Hard Sell

Sales people bug me.  Literally they bug me constantly.  Every single day I get at LEAST one, usually several, calls from automated systems trying to sell me this or that thing that I don’t need or can’t afford.

What’s really bad is when those automated calls happen in the predawn hours.  I can’t just ignore the phone because there’s a chance at those hours that it could be important.

So, I end up dragging myself out of a comfortable sleep only to hear a robot voice tell me that I’ve been pre-selected for a special discount offer on a therapeutic massage if only I’ll run right out and sign up for a ten year membership (payable in advance) to Joe’s Gym or somesuch.

Fortunately however I’ve got a plan that should sharply reduce the number of such calls that I get.

Slingshot Return

Remember the ship that was trapped in an elliptical orbit because it ran out of fuel?  Because I had at that time no way to get a ship out to it or to refuel it (remember, this was back before docking was added to the game) I decided to try a longshot method of getting them back to Kerbin.

I had some surprising results.

Solar Escape

I was in one of *those* moods this morning so just for the heck of it I tried something in orbiter that I’d never heard of anyone doing before.  (I’m sure it’s been done, I’ve just never seen anything about such events.)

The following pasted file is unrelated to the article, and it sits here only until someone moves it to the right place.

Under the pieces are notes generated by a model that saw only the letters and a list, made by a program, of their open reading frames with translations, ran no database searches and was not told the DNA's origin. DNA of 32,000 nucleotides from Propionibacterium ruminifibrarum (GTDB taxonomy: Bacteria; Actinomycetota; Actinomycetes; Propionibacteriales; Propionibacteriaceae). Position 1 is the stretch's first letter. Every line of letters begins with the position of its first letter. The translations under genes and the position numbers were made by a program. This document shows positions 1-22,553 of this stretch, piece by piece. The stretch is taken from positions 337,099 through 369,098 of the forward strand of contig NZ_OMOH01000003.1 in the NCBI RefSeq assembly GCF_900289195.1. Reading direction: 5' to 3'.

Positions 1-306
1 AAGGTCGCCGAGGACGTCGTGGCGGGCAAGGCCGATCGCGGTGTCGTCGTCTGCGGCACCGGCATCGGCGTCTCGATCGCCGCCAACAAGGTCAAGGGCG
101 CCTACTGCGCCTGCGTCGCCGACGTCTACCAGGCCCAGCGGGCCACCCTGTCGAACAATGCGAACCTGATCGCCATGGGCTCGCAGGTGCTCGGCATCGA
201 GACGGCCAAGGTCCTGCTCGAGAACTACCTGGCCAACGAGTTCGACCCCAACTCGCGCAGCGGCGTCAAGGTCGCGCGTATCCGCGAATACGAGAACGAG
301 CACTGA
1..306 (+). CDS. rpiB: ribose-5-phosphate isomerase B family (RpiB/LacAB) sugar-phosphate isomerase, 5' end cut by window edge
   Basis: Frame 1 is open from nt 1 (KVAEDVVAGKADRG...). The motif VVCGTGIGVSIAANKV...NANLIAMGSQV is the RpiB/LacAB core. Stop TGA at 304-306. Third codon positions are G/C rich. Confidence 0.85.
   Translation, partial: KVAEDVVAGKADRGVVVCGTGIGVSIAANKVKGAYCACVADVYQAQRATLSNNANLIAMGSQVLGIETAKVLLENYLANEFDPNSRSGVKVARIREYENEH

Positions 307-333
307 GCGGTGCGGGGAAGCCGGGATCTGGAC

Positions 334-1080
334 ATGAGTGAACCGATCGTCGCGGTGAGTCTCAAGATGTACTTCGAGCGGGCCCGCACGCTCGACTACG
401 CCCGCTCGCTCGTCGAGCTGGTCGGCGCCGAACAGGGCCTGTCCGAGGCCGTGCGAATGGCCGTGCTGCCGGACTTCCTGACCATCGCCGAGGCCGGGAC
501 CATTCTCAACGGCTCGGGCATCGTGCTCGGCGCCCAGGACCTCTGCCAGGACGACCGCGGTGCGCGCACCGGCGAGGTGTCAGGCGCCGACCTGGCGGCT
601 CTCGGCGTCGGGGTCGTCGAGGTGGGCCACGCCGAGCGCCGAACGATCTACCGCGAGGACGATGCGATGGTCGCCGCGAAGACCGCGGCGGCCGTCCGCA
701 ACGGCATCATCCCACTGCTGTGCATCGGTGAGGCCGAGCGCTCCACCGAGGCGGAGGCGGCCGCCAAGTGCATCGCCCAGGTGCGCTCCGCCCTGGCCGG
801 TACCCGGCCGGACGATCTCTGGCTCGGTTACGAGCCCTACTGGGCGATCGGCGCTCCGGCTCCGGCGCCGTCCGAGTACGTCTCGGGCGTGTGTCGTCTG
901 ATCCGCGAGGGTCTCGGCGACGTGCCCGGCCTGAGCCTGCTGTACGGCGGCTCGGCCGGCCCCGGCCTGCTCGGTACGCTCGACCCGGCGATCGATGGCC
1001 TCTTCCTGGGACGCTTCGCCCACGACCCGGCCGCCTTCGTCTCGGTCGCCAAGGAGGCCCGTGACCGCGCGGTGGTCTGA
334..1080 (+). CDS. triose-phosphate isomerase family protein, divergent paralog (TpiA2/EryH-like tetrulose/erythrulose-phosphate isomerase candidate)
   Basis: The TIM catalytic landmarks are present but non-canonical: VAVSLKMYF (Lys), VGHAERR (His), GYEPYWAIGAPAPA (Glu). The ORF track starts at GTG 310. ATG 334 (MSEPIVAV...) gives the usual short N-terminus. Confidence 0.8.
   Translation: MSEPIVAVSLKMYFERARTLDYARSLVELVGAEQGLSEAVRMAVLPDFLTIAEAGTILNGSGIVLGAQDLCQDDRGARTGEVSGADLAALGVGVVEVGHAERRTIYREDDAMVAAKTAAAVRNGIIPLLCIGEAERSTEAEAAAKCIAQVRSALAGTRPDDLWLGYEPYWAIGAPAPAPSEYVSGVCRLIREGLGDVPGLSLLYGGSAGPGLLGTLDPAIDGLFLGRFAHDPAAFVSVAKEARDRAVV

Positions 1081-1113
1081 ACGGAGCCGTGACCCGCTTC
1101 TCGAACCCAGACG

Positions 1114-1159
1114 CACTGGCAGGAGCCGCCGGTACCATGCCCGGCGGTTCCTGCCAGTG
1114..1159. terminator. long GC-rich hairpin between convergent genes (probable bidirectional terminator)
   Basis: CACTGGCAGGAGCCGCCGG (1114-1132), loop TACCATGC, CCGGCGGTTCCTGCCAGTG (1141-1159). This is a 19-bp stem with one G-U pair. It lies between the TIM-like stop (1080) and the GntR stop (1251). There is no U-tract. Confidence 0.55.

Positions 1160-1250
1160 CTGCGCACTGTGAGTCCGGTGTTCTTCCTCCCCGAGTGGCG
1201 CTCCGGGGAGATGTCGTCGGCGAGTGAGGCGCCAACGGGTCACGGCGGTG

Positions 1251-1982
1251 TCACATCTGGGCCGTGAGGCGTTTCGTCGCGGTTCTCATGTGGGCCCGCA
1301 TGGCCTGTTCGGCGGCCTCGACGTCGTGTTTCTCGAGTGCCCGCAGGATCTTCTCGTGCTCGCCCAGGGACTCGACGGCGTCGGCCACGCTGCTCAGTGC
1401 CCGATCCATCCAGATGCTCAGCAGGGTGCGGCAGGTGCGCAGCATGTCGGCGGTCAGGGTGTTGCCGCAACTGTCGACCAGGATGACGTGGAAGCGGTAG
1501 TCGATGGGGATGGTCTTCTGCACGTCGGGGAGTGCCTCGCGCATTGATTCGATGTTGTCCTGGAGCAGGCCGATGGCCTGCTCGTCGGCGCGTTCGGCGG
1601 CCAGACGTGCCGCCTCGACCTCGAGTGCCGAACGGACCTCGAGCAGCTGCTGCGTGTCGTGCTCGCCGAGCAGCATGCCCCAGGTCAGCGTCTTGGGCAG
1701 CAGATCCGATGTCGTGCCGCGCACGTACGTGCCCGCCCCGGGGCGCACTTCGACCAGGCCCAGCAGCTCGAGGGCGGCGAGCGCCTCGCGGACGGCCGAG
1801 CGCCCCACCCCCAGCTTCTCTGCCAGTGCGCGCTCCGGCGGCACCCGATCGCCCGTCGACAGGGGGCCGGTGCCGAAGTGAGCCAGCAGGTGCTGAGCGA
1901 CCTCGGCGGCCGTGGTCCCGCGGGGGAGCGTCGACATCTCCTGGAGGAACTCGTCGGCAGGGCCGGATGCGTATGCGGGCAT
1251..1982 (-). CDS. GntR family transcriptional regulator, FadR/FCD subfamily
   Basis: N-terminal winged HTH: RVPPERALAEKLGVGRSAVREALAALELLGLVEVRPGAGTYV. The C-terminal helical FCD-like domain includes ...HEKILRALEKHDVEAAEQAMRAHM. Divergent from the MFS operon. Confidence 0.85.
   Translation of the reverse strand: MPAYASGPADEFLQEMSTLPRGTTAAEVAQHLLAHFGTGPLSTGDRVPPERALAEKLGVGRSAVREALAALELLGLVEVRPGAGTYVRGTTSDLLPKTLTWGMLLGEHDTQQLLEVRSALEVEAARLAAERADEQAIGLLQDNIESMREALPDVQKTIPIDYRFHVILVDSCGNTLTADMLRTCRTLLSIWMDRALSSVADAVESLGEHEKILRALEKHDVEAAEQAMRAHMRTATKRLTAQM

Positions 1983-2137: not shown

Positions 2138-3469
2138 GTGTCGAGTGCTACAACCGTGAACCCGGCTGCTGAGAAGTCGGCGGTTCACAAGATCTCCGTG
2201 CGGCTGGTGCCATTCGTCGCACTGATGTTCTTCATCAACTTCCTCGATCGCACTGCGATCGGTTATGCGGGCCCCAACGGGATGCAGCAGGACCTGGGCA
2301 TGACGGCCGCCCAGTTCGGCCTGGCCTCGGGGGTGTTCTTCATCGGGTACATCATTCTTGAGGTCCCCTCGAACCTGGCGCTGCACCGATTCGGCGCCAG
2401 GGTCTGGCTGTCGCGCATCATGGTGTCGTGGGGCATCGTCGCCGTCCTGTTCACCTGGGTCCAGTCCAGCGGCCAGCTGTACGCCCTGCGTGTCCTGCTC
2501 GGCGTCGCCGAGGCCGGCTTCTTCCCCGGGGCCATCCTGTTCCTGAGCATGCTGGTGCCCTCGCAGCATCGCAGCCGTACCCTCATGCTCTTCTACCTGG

I decided to try a gravity assist slingshot maneuver.  The object I chose to slingshot around was the sun.

I set this up in Orbiter 2006p1 because that version actually runs on my laptop and that’s where I was when I thought of this craziness.

date of mission start

I used the scenario that starts with the default DeltaGlider docked at the International Space Station with a full load of fuel.  I decided that for this mission, the ship would have twice it’s normal fuel capacity.  Not knowing any quick way to achieve this I used the scenario editor to refuel my ship one time when it’s initial supply ran out.

orbit at mission start

The first screenshot above, taken about a minute after undocking from the ISS, shows the date that this mission started.  The second screenshot shows my orbital parameters as of mission start.  Note that “Vel” on Orbit MFD is the ship’s orbital velocity expressed in meters per second.  This will be important to know later.